Know your book inside out. For one thing, this avoids any awkwardness when you’re asked a particular plot point of character motivation and realise you haven’t thought it through. But you also need to be clear on what you want from an agent, and your own vision for the completed book. You need to find someone whose vision aligns with your own, who gets what you’re trying to do and will help you achieve it. Ask questions. Quiz them. Take your time to be sure, because this person will be your first proper editor. I don’t know who said it – probably someone famous and dead – but the author-agent relationship is like a marriage. It should last a long time, hopefully for the length of your career. It’s sacred. Don’t rush in. How do they see the book? Do they get it?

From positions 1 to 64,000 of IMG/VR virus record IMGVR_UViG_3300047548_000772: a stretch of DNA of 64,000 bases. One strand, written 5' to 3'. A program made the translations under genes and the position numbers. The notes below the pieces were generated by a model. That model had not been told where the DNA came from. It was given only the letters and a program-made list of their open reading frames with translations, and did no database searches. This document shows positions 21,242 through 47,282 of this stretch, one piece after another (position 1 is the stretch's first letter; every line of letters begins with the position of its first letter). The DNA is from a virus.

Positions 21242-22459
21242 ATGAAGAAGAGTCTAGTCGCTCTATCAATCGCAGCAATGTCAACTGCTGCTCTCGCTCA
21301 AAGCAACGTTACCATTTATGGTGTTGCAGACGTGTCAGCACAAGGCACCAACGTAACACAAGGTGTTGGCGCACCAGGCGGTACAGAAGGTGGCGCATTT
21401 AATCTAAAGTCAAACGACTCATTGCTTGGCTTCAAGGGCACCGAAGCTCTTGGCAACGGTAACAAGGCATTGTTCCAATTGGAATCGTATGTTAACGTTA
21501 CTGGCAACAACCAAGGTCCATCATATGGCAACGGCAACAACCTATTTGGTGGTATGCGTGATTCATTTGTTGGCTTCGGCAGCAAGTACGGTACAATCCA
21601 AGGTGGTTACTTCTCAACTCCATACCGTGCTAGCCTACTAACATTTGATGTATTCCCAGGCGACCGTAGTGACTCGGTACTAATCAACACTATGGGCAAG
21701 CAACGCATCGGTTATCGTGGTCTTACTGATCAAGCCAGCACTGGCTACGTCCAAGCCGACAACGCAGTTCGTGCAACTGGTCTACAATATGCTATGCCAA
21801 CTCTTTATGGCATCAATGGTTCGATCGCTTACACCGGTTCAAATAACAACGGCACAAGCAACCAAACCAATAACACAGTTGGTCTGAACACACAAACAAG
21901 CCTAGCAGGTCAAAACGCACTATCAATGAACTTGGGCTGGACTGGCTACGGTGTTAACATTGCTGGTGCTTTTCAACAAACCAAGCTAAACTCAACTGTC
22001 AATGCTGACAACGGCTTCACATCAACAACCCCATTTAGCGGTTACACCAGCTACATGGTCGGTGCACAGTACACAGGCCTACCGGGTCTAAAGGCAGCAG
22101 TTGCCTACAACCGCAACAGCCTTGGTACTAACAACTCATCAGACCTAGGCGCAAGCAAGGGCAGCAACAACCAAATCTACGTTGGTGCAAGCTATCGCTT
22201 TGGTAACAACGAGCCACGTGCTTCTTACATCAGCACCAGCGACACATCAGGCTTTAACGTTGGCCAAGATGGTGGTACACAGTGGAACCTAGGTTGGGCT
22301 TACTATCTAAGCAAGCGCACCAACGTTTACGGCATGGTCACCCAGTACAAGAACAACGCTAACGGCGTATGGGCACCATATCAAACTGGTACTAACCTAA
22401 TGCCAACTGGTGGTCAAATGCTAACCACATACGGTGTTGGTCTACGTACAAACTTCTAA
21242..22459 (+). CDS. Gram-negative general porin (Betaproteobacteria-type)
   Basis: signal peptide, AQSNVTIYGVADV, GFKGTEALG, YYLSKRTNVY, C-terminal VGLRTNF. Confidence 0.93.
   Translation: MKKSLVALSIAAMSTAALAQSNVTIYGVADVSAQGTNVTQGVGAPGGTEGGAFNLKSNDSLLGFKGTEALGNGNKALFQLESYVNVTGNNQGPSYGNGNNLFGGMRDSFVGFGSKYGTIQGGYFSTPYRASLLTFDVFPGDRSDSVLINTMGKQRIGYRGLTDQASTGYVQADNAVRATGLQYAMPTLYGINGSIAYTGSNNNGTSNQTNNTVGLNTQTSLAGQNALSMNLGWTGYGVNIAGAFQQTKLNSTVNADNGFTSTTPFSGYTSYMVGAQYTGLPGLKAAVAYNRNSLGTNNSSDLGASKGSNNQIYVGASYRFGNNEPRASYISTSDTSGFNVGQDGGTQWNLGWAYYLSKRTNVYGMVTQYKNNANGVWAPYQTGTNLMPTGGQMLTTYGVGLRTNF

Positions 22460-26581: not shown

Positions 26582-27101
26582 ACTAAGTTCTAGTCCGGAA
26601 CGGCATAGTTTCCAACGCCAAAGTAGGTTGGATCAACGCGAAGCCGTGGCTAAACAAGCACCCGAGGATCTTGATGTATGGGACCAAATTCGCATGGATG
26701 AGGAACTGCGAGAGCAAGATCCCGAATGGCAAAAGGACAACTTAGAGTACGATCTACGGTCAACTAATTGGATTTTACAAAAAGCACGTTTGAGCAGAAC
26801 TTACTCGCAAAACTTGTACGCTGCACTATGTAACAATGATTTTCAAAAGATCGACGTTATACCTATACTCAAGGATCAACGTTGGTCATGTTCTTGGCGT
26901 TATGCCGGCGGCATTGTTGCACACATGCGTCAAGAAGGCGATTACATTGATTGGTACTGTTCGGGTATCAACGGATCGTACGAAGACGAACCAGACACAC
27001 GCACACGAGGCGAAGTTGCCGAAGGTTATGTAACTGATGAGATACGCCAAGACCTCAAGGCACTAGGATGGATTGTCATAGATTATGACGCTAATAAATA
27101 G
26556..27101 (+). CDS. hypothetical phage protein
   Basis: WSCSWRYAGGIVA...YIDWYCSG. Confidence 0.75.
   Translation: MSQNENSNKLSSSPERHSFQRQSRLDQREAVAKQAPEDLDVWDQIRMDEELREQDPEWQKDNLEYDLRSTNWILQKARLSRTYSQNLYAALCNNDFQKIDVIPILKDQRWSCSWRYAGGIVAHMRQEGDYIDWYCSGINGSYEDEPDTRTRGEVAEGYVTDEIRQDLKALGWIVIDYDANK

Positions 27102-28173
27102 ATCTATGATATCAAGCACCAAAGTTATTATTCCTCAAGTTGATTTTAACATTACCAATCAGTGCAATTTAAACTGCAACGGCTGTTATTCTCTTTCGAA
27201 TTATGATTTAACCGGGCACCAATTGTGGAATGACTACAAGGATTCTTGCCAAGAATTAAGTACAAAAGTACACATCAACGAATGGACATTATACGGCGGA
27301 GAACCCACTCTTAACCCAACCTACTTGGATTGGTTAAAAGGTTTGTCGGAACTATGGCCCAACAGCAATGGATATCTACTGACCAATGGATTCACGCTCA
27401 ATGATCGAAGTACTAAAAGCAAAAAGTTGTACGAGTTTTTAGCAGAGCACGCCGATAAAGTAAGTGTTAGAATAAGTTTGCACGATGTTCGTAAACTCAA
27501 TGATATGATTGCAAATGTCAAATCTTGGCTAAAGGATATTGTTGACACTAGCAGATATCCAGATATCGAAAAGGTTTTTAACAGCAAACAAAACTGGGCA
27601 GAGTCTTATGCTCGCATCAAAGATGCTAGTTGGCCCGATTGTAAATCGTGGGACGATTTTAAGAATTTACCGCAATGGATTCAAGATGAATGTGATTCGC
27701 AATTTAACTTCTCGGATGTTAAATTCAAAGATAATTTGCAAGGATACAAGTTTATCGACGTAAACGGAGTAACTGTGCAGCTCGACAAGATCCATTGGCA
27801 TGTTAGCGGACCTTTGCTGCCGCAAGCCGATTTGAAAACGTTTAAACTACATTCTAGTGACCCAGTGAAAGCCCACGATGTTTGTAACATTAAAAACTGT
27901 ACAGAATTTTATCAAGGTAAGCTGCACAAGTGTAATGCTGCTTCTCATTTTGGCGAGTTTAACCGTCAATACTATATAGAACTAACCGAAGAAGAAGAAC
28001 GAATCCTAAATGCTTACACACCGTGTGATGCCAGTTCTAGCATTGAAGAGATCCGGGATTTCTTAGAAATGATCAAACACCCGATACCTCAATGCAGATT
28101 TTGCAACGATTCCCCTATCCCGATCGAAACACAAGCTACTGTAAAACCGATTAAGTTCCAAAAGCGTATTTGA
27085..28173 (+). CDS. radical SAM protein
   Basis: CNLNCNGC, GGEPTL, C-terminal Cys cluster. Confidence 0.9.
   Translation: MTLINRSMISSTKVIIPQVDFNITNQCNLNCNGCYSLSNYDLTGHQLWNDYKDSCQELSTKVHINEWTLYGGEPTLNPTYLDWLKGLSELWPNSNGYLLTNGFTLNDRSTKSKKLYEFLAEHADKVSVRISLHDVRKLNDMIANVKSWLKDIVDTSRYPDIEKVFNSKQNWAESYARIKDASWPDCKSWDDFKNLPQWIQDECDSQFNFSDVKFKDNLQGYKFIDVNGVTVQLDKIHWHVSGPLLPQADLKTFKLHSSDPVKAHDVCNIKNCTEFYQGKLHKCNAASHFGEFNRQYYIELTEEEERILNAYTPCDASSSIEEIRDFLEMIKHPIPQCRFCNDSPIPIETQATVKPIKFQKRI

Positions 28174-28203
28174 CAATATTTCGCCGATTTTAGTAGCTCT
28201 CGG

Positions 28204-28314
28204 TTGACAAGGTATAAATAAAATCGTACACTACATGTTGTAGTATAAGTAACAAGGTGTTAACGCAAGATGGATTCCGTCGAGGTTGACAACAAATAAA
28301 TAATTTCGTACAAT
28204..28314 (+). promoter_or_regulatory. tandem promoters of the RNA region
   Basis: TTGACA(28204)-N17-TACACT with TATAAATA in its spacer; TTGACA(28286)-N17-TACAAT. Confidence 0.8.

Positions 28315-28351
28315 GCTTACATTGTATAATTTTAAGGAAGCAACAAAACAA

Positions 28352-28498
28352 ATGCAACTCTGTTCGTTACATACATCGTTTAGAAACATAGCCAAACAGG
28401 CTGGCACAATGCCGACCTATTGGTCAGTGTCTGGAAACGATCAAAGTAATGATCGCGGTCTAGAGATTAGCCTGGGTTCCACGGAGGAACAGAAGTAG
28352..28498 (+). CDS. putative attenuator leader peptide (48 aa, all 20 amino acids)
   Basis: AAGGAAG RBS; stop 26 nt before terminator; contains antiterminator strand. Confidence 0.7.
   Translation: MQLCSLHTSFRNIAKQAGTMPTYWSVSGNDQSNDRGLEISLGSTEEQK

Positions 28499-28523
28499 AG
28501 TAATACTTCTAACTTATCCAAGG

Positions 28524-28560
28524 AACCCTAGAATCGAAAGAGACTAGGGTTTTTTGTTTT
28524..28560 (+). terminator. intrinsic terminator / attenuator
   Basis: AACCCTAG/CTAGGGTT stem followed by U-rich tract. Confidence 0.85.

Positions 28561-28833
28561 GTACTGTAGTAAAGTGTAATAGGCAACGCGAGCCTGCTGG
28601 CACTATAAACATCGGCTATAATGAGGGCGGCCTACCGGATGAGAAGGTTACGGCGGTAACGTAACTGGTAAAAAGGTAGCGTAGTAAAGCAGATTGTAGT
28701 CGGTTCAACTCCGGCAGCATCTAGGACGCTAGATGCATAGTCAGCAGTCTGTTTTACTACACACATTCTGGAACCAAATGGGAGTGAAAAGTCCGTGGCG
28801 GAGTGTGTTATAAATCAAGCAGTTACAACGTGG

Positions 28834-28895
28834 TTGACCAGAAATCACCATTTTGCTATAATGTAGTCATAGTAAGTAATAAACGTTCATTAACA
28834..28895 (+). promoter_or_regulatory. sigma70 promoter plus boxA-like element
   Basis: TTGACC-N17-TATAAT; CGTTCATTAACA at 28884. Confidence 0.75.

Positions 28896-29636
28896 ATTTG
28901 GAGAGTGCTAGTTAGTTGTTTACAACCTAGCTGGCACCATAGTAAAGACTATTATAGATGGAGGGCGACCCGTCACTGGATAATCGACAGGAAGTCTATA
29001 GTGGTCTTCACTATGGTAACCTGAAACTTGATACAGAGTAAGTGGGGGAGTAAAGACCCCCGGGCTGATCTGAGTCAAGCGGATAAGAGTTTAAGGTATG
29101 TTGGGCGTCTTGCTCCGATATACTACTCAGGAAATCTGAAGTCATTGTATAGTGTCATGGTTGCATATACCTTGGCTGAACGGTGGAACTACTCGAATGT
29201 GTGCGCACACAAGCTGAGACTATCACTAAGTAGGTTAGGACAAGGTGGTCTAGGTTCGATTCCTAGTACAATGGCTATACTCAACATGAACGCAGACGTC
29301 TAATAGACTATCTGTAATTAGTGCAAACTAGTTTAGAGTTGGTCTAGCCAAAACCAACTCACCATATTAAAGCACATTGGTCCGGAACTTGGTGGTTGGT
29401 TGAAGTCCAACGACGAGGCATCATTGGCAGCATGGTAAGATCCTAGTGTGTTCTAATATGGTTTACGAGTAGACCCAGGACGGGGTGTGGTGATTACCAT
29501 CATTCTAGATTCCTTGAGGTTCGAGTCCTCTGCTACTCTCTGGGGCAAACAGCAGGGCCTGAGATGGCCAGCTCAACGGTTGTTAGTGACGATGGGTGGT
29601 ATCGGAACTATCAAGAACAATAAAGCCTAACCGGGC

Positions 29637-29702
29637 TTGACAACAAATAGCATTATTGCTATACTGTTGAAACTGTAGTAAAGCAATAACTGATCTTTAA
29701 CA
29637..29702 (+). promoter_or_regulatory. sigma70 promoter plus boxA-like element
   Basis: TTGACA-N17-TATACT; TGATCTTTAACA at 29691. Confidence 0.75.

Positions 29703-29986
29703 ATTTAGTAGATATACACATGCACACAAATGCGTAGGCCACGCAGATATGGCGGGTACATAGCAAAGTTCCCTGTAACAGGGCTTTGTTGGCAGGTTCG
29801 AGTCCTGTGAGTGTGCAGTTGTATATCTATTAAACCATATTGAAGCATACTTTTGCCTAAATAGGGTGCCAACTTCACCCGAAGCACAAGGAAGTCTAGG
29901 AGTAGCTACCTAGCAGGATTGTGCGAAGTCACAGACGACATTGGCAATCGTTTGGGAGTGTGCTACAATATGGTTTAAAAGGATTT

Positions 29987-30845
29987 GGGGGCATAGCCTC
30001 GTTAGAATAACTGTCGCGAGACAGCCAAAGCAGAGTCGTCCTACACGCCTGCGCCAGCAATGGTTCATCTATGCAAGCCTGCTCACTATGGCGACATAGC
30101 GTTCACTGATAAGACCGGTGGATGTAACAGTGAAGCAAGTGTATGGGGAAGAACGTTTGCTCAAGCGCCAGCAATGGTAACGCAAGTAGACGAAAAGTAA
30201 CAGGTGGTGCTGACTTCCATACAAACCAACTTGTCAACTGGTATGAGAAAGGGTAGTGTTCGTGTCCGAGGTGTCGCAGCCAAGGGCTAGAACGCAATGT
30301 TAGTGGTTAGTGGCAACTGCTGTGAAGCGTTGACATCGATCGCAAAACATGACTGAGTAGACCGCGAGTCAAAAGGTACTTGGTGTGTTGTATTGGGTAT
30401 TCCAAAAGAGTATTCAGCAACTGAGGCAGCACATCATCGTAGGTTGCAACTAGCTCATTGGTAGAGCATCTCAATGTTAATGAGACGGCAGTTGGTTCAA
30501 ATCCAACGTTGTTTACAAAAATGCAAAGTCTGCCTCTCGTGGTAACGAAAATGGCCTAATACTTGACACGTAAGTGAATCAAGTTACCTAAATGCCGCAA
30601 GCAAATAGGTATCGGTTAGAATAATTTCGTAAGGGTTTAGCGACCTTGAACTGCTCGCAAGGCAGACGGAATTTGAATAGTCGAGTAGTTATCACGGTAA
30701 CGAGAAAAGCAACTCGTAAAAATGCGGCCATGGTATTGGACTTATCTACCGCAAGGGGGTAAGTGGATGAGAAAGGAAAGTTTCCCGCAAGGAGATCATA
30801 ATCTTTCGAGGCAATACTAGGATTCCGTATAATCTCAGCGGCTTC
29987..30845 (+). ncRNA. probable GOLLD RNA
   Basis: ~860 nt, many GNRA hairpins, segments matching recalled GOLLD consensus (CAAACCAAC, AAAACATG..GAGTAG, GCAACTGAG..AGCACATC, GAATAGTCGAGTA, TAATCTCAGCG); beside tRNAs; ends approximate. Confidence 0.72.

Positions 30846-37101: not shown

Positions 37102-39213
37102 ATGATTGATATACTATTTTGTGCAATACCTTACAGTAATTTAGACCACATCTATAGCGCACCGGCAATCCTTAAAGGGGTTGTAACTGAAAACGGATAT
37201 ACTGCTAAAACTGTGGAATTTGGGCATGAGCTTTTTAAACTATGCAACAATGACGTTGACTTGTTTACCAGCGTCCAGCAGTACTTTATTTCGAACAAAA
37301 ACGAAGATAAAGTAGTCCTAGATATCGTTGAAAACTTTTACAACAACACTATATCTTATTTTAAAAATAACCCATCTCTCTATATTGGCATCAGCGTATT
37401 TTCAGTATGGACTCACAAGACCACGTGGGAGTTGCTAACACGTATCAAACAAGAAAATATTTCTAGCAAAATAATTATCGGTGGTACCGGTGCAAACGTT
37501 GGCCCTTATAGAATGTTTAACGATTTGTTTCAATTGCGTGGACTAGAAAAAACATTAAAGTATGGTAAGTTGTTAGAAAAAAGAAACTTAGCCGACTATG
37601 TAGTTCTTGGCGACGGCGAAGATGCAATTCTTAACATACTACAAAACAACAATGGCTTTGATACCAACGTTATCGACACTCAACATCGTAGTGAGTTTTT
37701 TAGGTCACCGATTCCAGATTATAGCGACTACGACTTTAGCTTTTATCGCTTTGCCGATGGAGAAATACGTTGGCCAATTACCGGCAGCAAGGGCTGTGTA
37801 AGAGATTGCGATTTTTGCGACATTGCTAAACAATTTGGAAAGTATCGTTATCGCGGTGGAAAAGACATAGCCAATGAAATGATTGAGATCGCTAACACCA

You’re talking to an agent about a book that you wrote. They’re interested! That’s a huge achievement. There’s no need to be nervous – it’s kind of the agent’s job to lead the meeting and put you at your ease. If you find that you’re the only one coming up with things to say, and the conversation keeps drifting away from your book, maybe they’re not the right fit. But also remember the best meeting might not necessarily mean the best agent. Sure, you get on well, but that’s only half of it. Will this person be attentive, supportive and champion your book? Can you get a sense of what they’d be like in a negotiation? Will they push you to be a better writer?


Write Good